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Business Associations/Corporations
University of Nebraska School of Law
Bradford, C. Steven

CORPORATIONS OUTLINE
BRADFORD – FALL 2007

Chapter 1: What Do Businesses Do And What Do Lawyers For Businesses Do?
1. Reasons People Own a Business or Own an Interest Therein:
a. Epstein view à to make money
b. Roberts view à to create value (some purpose beyond making money)
i. Growth – increase the value of the business w/ the hope of anticipated future return on the investment
1. in order to determine if a business has a good earning potential (i.e. the ability to make profit in the future), need to look at several things:
a. present value (PV) – need to determine what the business investment is worth now compared to other alternatives
b. expected value (EV) – investing in the business may be more risky than a bank account – need to take this into account when deciding which way to invest
i. if a no-risk option is going to return the same, then do that
c. Freidman view à focuses on what the people running the business ought to be doing – says that job of corporate managers / BoD is profit maximization
i. Principal v. Agent distinction:
1. principal = the one for whom the action is to be taken (in the corp setting, the SH’s are whose interests are at stake, and thus they are the “principals”)
2. agent = the one who is to act (directors and managers are the SH’s agents and thus they have to act in their best interests and subject to their control)
d. Ben & Jerry’s view à takes into account other possible interests of the principals, such as charity – may not make most possible profit, but other goals are met
e. View of Cts and Legislatures à
i. A.P. Smith Mfg. Co. v. Barlow – ct allowed a donation from the co to PU despite a challenge by the SH’ers of the co that such power was not provided to the BoD
1. Issue was whether the donation was ultra vires, or beyond the power of the corp, given that the co’s incorporation certificates didn’t expressly authorize the donation and that there were no implied powers to make it. Ct held it was intra vires, or within the power of the corp, and thus valid
2. Directors DID NOT have to show the donation provided a direct benefit to the company:
a. Ct said in general there will indirect benefits to the corp, such as increased goodwill in the community, aid of public welfare, production of future employees, etc.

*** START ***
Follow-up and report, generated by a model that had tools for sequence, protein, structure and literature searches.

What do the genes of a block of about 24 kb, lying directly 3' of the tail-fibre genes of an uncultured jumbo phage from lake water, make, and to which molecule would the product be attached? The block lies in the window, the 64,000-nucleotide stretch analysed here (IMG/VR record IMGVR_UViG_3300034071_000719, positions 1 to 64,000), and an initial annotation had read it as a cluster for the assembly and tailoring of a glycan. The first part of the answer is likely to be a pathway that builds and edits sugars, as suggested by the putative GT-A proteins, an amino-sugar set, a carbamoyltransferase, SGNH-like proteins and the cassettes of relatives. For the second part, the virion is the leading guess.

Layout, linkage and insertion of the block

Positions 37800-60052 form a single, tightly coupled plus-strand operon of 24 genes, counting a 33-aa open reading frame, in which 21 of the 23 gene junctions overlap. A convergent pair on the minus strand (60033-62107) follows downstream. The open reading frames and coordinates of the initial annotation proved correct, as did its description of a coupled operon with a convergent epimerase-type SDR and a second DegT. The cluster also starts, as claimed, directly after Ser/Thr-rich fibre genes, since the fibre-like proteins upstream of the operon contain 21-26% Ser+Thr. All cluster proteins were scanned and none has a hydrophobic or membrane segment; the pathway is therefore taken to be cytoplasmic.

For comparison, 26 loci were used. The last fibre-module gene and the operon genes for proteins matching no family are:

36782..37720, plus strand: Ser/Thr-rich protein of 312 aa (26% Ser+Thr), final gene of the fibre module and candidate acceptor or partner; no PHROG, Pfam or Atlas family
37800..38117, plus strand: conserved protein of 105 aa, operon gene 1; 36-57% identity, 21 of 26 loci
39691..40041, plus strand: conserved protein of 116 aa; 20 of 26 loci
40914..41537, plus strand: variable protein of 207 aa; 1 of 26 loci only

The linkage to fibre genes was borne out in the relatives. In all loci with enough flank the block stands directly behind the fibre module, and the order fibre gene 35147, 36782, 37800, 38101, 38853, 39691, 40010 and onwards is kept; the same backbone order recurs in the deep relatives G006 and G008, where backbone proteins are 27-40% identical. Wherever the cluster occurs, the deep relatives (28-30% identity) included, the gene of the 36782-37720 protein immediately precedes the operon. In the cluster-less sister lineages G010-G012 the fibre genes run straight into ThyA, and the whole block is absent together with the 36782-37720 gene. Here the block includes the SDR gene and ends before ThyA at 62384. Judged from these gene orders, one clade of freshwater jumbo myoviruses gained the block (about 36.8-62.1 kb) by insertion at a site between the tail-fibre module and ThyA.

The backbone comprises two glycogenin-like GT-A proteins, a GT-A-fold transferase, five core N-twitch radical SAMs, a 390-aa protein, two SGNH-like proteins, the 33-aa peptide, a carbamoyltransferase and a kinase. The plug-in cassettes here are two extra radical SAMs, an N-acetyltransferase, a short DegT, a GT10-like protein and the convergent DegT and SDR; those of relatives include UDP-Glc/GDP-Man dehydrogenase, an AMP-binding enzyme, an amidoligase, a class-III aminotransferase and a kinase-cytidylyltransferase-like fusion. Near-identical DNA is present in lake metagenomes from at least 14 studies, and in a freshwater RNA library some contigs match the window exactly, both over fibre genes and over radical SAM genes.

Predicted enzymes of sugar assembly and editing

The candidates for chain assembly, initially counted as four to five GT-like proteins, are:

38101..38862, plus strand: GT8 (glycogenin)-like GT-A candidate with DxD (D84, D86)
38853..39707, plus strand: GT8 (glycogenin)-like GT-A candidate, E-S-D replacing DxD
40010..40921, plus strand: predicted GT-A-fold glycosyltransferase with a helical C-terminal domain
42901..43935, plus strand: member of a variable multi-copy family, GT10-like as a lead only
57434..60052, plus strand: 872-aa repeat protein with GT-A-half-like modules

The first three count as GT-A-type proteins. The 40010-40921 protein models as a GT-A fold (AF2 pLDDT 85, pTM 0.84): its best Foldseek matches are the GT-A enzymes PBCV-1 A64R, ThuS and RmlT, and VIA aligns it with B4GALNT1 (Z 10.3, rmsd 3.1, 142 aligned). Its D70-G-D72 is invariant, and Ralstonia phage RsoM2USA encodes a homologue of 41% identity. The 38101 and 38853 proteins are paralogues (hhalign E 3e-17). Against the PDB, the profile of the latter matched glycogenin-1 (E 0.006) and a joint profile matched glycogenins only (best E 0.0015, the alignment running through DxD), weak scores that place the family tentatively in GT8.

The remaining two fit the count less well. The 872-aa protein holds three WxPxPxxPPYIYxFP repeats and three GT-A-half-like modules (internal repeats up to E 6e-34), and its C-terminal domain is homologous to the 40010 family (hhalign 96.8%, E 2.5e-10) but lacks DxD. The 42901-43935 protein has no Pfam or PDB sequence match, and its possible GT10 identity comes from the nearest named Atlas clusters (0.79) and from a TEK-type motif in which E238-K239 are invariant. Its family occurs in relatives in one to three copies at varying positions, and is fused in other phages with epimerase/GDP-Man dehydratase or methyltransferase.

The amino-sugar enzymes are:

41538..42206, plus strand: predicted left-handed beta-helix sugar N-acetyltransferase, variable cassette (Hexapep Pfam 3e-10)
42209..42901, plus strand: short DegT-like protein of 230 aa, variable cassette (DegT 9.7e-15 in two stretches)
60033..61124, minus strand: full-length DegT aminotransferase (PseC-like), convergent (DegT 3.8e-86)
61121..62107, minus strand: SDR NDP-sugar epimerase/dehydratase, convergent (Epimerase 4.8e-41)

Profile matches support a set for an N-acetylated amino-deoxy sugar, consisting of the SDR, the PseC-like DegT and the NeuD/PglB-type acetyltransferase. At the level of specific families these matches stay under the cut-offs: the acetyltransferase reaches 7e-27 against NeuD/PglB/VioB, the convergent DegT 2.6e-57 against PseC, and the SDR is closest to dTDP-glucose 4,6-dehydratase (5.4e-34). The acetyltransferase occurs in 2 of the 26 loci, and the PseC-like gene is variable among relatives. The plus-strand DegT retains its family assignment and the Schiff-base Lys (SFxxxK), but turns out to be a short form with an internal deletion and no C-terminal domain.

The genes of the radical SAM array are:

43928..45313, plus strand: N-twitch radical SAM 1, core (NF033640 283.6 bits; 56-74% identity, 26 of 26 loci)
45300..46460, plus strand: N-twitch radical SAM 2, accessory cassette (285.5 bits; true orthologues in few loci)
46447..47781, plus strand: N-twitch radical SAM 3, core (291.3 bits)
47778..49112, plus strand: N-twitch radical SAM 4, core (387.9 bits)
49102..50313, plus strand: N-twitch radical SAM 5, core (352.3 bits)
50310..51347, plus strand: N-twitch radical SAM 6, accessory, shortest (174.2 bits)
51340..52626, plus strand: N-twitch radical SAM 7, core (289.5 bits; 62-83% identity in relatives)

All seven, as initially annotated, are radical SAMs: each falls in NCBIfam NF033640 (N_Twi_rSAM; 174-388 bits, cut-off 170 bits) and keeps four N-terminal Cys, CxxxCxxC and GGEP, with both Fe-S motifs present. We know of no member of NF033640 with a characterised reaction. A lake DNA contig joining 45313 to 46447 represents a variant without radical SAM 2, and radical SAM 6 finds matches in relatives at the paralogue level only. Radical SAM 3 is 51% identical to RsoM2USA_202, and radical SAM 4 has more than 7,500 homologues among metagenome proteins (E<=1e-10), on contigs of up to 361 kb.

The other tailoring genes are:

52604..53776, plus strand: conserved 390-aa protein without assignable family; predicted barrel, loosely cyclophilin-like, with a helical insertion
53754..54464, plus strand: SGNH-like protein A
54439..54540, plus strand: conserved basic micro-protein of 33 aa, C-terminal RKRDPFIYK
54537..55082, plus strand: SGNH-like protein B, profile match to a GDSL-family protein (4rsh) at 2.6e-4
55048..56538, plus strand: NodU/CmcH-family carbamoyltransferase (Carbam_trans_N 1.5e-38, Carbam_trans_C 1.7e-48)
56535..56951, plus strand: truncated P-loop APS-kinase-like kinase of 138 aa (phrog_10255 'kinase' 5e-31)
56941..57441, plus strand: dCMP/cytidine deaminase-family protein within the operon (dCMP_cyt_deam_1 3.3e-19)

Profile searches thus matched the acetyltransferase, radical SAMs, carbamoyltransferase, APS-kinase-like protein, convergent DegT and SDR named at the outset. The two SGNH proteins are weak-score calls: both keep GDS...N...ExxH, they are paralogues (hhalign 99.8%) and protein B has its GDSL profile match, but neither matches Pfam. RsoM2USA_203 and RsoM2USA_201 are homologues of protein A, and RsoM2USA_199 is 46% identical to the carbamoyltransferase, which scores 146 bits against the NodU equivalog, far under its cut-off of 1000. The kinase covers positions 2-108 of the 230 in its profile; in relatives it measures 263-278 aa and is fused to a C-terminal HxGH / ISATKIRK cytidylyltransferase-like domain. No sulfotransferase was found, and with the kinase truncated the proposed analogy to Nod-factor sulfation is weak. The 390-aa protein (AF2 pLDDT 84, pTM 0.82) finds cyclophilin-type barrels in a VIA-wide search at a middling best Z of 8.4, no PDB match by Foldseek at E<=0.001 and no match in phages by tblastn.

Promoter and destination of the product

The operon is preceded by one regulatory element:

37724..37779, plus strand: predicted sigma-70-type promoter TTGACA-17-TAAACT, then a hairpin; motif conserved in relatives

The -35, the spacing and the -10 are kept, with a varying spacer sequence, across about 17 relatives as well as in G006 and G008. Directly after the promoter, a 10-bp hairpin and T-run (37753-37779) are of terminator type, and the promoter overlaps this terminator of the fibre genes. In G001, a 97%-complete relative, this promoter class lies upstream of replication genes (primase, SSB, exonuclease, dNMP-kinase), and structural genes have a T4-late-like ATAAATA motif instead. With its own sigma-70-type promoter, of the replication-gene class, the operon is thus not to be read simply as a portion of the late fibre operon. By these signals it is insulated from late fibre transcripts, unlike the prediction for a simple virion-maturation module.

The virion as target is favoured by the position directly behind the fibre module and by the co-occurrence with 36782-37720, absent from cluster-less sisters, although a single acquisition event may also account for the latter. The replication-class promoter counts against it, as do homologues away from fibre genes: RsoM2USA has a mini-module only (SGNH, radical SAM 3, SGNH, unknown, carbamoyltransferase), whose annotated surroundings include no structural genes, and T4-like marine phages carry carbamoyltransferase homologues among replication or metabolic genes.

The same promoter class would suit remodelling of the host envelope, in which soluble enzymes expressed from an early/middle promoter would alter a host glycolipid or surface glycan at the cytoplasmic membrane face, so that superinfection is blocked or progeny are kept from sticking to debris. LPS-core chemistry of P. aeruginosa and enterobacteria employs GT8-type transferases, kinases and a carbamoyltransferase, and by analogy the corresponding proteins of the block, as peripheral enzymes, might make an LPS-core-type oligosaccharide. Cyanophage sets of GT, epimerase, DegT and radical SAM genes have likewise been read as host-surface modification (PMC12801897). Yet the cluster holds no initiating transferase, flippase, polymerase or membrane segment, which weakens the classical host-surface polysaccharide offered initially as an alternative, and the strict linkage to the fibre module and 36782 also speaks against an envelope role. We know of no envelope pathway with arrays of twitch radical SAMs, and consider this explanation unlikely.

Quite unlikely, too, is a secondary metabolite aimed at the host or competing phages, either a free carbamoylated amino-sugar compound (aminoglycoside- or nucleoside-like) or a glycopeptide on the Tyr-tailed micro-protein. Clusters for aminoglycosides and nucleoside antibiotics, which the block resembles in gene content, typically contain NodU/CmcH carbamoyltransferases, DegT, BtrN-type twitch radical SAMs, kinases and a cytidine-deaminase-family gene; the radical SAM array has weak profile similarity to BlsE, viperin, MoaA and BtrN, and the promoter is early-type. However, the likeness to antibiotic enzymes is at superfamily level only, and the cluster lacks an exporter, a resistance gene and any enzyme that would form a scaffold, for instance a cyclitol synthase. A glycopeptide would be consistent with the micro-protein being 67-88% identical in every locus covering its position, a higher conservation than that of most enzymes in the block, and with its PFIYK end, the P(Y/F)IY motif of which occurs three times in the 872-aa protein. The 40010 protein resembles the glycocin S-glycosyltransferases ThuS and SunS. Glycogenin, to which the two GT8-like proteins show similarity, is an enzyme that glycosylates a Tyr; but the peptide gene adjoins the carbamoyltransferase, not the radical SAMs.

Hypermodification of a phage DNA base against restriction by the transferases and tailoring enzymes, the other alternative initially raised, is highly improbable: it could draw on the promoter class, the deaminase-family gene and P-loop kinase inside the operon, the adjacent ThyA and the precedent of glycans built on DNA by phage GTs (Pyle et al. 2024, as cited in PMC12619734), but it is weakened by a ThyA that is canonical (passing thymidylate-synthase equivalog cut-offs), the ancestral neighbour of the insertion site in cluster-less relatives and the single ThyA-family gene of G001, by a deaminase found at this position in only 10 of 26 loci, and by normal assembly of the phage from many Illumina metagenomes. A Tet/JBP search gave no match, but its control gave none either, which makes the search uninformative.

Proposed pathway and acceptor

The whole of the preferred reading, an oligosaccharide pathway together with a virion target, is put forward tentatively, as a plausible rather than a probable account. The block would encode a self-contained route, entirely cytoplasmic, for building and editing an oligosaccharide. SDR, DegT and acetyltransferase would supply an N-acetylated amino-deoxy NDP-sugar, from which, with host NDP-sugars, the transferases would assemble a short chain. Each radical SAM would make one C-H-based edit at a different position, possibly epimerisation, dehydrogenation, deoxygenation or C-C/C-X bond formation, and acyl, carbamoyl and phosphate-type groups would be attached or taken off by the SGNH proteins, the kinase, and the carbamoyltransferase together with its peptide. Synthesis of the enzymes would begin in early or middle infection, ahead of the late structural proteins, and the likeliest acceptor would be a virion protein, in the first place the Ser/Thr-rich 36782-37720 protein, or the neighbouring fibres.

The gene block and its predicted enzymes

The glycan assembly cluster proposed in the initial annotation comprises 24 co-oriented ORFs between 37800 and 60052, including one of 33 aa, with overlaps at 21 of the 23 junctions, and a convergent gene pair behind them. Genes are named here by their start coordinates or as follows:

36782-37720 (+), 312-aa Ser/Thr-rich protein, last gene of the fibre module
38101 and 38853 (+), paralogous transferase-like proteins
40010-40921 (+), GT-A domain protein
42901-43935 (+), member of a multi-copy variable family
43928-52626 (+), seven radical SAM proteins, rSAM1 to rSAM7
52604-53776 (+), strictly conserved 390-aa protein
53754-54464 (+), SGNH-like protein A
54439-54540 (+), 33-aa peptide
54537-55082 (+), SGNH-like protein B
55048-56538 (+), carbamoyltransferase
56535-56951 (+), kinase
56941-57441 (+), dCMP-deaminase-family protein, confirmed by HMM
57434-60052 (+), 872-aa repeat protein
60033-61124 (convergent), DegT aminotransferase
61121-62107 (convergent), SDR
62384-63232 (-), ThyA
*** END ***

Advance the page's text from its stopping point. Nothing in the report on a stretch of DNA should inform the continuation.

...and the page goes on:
3. Other justifications for allowing the donation:
a. State legislature expressly encouraged these kinds of donations.
b. Greater need for corporate donations due to change in wealth from private individuals to corporations; however, the problem with this argument is that the money only has to be distributed to the shareholders for the money to get back to private hands.
4. Conclusion: both statutory and case law support the action of corporations making donations, even if opposed by at least some of the owners.
ii. MBCA §3.02(13) – does not require that BoD show any benefit to the business and thus charitable purpose is allowed
1. not necessarily inconsistent w/ Friedman’s view – just not able to show the type of connections b/t this stuff and profit maximization so it is left up to the discretion of the BoD
iii. Shareholder’s options when corp donates part of its profits to charity, against SH’s wishes:
1. Sell his stock and get out of the corporation.
2. Get rid of board of directors, although this is extremely difficult
3. Sh won’t succeed on bringing a cause of action against corp. (Barlow and MBCA)

2. How Business Owners Make Money From the Business: 2 ways
a. Receive distributions from the business of all or part of the money the business has earned.
b. Sell all or part of ownership interest in the business for more than he paid for it.

3. Determining how much money the business has made and how much money it is worth
a. Justification for keeping accounting records:
i. Businesses are required to do so and to make the records available to the business owners (see MBCA 16.01(b) and 16.02(b)(2)).
ii. Necessary to make business decisions
iii. Regulatory requirements: income statements necessary for computing one’s taxes
iv. Internal controls: used to determine w

tters à equity is representative of the owner’s residual interest in the business – i.e. if owners take all the assets and pay off the liabilities, what is left is the interest of the owners (remember – the dollar amounts won’t be exact b/c they are not listed as FMV)
4. Total of assets must equal the total of liabilities and equity: by definition, it MUST balance.
5. Depreciation expenses: deducted from the value of the asset on the balance sheet.
6. Balance sheet v. cash flow statement:
a. An increase in a balance sheet asset acct other than cash results in a decrease in cash flow.
b. An increase in a balance sheet liability acct can result in an increase in the cash acct on a balance sheet and an increase in cash flow.
i. Ex. X borrows $20,000: this increases his liability on the balance sheet but also increases his asset cash on the balance sheet and cash flow by the same amt.
iv. Interpreting these statements: one statement won’t reveal what’s going on with a business. One must look at many different statements for multiple years to get a true picture of the business.
4. What Does a Lawyer for a Business Do?
a. Litigation: this is a “zero-sum game” b/c whatever one side wins, the other loses
b. Planning & Deal-Making: adding value for the client – the lawyer, via his participation in the process can add value to the transaction for the client
i. also think of ways to avoid litigation (think of every problem this way) – see week 1 notes, p.5 for a more in-depth discussion re: the difficulties in doing this
5. What are the Legal Structures for Businesses?
a. Basic concepts of different business organizations: